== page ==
Tahitians and the cruelty of the Aztecs were sources of information rather than
occasions for admonition. The cannibal had been domesticated by Montaigne, although
that could be considered French literary sophistry. But, the marquis de Sade was all
too real and not just tolerated but quite famous as much for his libertine life as for
his writings in a century that had a very unsentimental romanticism. The marquis the
Sade explained the Aztecs for Europeans.

Such an acceptance of the macabre would not happen again in Europe until a fringe
group of Surrealist artists advocated the virtues of violence. Georges Bataille,
uniting violence and eros actually planned to perform a sacrifice in Paris in the 1930s
and even had a willing victim. To Bataille and his group, sacrifice was the ultimate
access to the spiritual in contrast to the utilitarian industrial society they lived
in. Bataille’s first published statement was, in fact, on the Aztecs, written on the
occasion of a Paris exhibit of pre-Columbian objects. He tells us that in its classical
beauty Maya art is boring but it is Aztec art and civilization that is the most
exciting. The essay begins thus: “The life of the civilized peoples of America before
Christopher Columbus is not just prodigious for us because of the fact of their
discovery and of their immediate disappearance, but also because undoubtedly never was
such bloody eccentricity conceived by the human mind: continual crimes committed in
full daylight only for the satisfaction of deified nightmares, terrifying phantoms! The
cannibal meals of the priests, the ceremonies with corpses and rivers of blood, more
than one historical adventure evokes the blinding debaucheries described by the
illustrious marquis de Sade” (Bataille 1928:5).

Nevertheless the Aztecs were superior to any other pre-Columbian civilization. The
Maya tropical luxuriance was stifling and the statism of the Inca was an existence
“without air.” Therefore, “if one wants air and violence, poetry and humor one will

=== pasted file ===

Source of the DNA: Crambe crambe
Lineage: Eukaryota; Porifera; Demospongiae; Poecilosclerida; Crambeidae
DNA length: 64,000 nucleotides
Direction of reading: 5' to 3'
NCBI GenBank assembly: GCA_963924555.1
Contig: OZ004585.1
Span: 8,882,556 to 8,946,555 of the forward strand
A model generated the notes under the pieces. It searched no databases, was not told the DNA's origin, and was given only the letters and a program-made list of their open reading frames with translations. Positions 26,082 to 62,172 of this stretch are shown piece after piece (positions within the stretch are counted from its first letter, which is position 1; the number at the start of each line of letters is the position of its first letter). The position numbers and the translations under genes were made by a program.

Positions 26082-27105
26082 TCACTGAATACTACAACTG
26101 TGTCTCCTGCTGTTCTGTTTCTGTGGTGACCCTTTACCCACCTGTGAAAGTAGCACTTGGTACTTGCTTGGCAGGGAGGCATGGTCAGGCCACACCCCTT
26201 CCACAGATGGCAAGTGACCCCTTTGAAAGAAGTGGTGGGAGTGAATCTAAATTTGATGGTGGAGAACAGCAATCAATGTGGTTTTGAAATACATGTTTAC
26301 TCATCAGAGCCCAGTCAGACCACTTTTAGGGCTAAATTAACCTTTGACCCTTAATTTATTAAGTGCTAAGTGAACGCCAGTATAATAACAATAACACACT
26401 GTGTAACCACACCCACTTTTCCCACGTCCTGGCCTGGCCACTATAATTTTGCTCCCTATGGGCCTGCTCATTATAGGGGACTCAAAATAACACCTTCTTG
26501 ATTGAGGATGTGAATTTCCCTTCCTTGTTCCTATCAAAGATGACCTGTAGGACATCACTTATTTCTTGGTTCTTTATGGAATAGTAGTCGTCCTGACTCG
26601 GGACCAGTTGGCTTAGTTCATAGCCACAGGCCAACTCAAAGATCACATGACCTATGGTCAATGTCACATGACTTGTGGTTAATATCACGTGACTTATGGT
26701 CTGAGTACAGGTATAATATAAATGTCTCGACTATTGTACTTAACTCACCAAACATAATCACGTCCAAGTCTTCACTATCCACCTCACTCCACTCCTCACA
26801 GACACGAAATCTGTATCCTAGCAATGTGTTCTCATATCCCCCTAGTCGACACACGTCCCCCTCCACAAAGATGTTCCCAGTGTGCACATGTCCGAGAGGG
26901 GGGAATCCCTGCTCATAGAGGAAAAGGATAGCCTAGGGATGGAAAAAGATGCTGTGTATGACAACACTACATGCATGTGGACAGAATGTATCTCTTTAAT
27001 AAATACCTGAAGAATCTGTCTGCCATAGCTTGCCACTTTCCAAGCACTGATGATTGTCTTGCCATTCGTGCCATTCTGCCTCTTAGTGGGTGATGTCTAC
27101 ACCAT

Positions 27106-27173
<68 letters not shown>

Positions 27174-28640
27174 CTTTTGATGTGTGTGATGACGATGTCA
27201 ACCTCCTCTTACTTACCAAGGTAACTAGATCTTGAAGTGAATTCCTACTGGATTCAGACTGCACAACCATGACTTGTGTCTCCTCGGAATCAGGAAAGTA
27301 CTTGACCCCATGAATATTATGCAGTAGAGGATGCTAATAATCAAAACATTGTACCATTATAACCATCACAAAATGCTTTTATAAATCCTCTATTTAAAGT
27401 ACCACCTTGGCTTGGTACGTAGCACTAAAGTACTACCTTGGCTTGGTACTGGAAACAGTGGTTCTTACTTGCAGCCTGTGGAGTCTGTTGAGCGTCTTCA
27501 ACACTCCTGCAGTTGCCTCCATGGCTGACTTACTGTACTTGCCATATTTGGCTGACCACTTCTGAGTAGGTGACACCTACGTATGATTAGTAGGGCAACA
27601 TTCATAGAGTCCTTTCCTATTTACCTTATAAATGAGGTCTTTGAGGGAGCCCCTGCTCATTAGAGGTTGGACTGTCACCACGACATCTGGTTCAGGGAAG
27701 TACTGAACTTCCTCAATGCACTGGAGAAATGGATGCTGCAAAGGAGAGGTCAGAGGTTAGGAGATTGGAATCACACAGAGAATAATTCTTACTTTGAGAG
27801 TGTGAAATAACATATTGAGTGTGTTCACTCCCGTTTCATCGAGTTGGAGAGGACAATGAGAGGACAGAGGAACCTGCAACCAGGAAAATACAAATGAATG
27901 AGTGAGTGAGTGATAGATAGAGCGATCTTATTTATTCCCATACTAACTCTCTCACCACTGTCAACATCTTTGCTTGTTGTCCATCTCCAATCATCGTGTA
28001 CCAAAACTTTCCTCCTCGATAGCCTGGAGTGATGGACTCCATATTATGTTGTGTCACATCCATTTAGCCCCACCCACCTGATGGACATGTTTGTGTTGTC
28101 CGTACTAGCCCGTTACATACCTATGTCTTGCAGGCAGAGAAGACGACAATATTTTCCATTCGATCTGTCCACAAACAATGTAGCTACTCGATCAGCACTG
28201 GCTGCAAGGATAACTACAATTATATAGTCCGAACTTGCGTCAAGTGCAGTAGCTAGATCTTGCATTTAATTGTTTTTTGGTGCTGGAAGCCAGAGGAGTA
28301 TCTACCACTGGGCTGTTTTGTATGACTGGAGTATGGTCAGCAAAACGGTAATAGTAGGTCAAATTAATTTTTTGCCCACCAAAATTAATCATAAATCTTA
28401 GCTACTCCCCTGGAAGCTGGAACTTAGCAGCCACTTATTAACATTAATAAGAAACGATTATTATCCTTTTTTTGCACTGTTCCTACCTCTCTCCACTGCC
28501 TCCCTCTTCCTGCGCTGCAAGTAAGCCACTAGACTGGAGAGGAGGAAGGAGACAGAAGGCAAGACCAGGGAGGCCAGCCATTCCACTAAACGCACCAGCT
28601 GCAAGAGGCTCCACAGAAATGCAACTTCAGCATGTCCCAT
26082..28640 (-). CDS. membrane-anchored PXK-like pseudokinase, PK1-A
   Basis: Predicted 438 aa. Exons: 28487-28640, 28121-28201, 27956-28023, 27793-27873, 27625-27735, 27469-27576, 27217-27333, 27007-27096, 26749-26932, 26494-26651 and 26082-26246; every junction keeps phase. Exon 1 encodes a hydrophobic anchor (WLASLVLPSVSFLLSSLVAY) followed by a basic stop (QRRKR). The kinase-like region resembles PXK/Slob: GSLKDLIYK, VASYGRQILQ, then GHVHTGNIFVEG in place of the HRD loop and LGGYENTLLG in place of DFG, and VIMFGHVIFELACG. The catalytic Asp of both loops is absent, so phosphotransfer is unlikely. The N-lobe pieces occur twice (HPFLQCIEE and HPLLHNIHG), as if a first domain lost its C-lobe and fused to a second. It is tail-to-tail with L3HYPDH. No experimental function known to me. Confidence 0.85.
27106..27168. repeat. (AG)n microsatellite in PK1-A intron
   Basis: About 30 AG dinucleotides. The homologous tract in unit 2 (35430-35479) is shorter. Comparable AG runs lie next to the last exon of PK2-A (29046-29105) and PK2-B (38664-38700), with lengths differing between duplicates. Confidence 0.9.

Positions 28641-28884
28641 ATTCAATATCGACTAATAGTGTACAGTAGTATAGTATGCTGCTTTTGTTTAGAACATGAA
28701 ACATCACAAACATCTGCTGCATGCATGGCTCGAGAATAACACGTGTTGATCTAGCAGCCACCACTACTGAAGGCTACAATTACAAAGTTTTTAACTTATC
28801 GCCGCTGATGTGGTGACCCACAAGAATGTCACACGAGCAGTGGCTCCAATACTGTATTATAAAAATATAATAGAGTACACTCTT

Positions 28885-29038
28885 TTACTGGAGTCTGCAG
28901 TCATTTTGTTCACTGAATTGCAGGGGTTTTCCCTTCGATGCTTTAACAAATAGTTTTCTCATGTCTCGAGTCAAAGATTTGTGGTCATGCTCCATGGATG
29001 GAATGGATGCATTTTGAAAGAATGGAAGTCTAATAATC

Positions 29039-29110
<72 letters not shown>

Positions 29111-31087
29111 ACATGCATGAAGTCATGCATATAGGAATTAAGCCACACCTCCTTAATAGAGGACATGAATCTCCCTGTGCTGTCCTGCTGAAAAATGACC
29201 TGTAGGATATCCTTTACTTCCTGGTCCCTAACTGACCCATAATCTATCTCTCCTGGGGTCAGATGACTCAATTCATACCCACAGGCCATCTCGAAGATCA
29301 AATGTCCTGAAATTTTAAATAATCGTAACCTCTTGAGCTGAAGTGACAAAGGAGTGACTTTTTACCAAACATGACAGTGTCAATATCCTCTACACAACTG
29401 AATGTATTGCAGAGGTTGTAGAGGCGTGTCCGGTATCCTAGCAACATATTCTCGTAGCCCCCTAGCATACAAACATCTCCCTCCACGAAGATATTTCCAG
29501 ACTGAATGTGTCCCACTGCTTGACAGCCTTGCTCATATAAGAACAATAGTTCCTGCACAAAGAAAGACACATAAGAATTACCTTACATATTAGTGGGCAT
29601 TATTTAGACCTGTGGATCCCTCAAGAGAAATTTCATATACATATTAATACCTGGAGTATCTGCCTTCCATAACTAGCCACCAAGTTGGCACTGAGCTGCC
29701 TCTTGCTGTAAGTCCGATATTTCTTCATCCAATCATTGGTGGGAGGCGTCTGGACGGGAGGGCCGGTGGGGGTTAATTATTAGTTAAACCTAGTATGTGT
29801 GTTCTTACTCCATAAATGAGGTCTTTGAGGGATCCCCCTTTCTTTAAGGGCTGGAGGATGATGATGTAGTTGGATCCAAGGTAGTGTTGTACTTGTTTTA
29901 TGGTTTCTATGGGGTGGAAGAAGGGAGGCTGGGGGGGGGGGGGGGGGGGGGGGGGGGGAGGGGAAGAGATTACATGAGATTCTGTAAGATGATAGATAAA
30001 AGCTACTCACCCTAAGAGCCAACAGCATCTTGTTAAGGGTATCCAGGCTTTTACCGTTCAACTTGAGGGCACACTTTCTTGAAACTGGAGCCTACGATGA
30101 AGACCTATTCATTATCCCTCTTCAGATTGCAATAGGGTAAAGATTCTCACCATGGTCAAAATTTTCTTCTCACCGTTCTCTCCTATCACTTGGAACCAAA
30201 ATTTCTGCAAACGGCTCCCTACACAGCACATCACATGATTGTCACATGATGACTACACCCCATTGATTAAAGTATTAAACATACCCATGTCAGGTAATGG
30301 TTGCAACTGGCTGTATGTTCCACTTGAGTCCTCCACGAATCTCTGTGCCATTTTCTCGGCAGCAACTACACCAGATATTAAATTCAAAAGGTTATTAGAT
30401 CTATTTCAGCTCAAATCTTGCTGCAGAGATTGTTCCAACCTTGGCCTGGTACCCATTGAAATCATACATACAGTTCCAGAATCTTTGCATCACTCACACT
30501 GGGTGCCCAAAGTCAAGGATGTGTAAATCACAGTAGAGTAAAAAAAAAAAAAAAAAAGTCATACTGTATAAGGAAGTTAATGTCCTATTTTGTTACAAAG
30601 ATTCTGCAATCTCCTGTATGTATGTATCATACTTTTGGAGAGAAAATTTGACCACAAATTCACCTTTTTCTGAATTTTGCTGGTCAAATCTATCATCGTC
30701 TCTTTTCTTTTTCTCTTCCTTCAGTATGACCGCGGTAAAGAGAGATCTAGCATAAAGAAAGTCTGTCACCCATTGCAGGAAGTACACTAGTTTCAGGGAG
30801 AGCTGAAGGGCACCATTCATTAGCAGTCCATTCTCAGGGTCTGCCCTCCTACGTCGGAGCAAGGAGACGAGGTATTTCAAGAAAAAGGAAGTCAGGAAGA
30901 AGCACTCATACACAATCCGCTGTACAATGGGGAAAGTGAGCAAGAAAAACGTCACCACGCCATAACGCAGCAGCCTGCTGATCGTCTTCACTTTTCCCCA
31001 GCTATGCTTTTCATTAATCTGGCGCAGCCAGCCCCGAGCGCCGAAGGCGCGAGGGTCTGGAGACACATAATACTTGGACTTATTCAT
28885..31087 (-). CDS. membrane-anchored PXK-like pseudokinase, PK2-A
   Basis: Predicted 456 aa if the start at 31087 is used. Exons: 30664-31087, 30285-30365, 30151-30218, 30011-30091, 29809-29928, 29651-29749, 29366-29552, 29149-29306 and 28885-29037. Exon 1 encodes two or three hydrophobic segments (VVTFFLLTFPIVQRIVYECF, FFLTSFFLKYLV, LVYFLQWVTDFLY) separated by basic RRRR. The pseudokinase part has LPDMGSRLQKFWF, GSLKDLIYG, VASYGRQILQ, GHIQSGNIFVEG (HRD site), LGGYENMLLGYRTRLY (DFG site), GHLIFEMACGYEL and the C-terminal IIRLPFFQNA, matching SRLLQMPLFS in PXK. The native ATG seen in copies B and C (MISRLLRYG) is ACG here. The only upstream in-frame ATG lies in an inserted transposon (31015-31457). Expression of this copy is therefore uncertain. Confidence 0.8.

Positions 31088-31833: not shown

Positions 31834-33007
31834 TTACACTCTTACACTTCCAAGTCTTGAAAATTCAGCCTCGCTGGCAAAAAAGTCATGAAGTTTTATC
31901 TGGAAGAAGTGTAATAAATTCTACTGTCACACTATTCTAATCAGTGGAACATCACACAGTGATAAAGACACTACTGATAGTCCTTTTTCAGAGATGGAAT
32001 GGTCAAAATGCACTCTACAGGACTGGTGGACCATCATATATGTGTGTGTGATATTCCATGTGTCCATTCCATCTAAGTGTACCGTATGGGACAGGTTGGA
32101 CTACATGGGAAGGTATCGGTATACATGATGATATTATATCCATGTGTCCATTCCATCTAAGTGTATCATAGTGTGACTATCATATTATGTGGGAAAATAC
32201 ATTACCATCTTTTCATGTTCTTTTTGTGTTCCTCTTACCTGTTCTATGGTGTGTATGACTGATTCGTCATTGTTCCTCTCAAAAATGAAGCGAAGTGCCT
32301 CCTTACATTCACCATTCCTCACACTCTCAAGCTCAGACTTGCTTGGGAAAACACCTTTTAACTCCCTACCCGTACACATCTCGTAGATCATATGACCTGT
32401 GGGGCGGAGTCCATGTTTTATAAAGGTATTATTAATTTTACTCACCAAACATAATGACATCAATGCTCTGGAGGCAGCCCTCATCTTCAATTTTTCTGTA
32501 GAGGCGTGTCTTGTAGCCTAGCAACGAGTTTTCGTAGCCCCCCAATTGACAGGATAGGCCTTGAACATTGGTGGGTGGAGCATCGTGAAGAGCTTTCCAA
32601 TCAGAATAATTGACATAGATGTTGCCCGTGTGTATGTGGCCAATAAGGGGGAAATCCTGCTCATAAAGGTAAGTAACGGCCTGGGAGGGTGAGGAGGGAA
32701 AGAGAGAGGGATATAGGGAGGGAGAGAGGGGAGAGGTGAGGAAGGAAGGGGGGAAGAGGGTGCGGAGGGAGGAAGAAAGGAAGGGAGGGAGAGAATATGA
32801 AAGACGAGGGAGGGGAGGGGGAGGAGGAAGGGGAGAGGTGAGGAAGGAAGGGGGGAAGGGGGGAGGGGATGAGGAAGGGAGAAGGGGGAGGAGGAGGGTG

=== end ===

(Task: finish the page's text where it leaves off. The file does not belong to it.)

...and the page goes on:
find it only among the people of Central Mexico” (Bataille 1929:8).

The most surprising revelation about the Aztecs to me was how practical they were:
the hydraulic works of Tenochtitlan with dikes, aqueducts and bridges, and the
extensive irrigation canals and terracing in the countryside. The population density
was higher under the Aztecs than in the Colonial era; only about 1900 did population
levels reach the old Aztec ones. For a preindustrial culture, Aztec economy was
flourishing. How was one to square that with the mass murders in the temples? Most
Aztec scholars deal with sacrifice tangentially or not at all if it does not relate to
their immediate subject. How did the Aztecs deal with it? In one migration codex, the
Codex Boturini, the Aztecs learn how to perform human sacrifices after they have left
their nomadic homeland. Human sacrifices are rituals of the advanced settled
civilizations. (This is in fact true. Human sacrifices are more common in ranked
archaic states and chiefdoms than in relatively egalitarian bands and tribes.)

While it may be that the Aztecs tried to outdo the past in this as in everything
else, the most likely situation is that Aztec sacrifices were on a par with those of
earlier civilizations and there was nothing all that exceptional about them. This is a
way of spreading the onus of sacrifice on other Mesoamerican cultures – which has been
done very effectively by the Mayanists who have recently claimed rivers of bloodletting
for the Maya enough to have satisfied Bataille’s most bizarre fantasies. This has not
tarnished the image of the Maya in the view of the West. Given the Maya writing system
and its process of decipherment, the classical-looking lordly profiles of the Maya
rulers now given names, and our own attitude of primitivism derived from the
Surrealists, the Maya could only be enhanced, rather than denigrated by such
reinterpretations. The Maya thus became classical and exotically kinky at once. The
finding of blood everywhere makes all of Mesoamerica “Aztec,” and to a large extent
that is correct, but it only aggravates the issue.

The role of the Aztecs remains as the extreme top, or in fact over the top. The root
of the problem is the 16th-century texts. We know that headhunting was practiced in New
Guinea until recently, but we do not have hundreds of pages of documents devoted to
shocked and disapproving description. In fact, Tobias Schneebaum chronicled his stay in
New Guinea recently, including a discussion of headhunting in the most idyllic terms.
Suppose the Aztecs had been discovered in the 18th-century by Captain Cook, or
Bougainville after a few weeks of sex in Tahiti, or were visited by Tobias Schneebaum
in the 20th century? I am quite sure that we would have different narratives of
sacrifice. Or, to look at it the other way, imagine Sahagún or Diego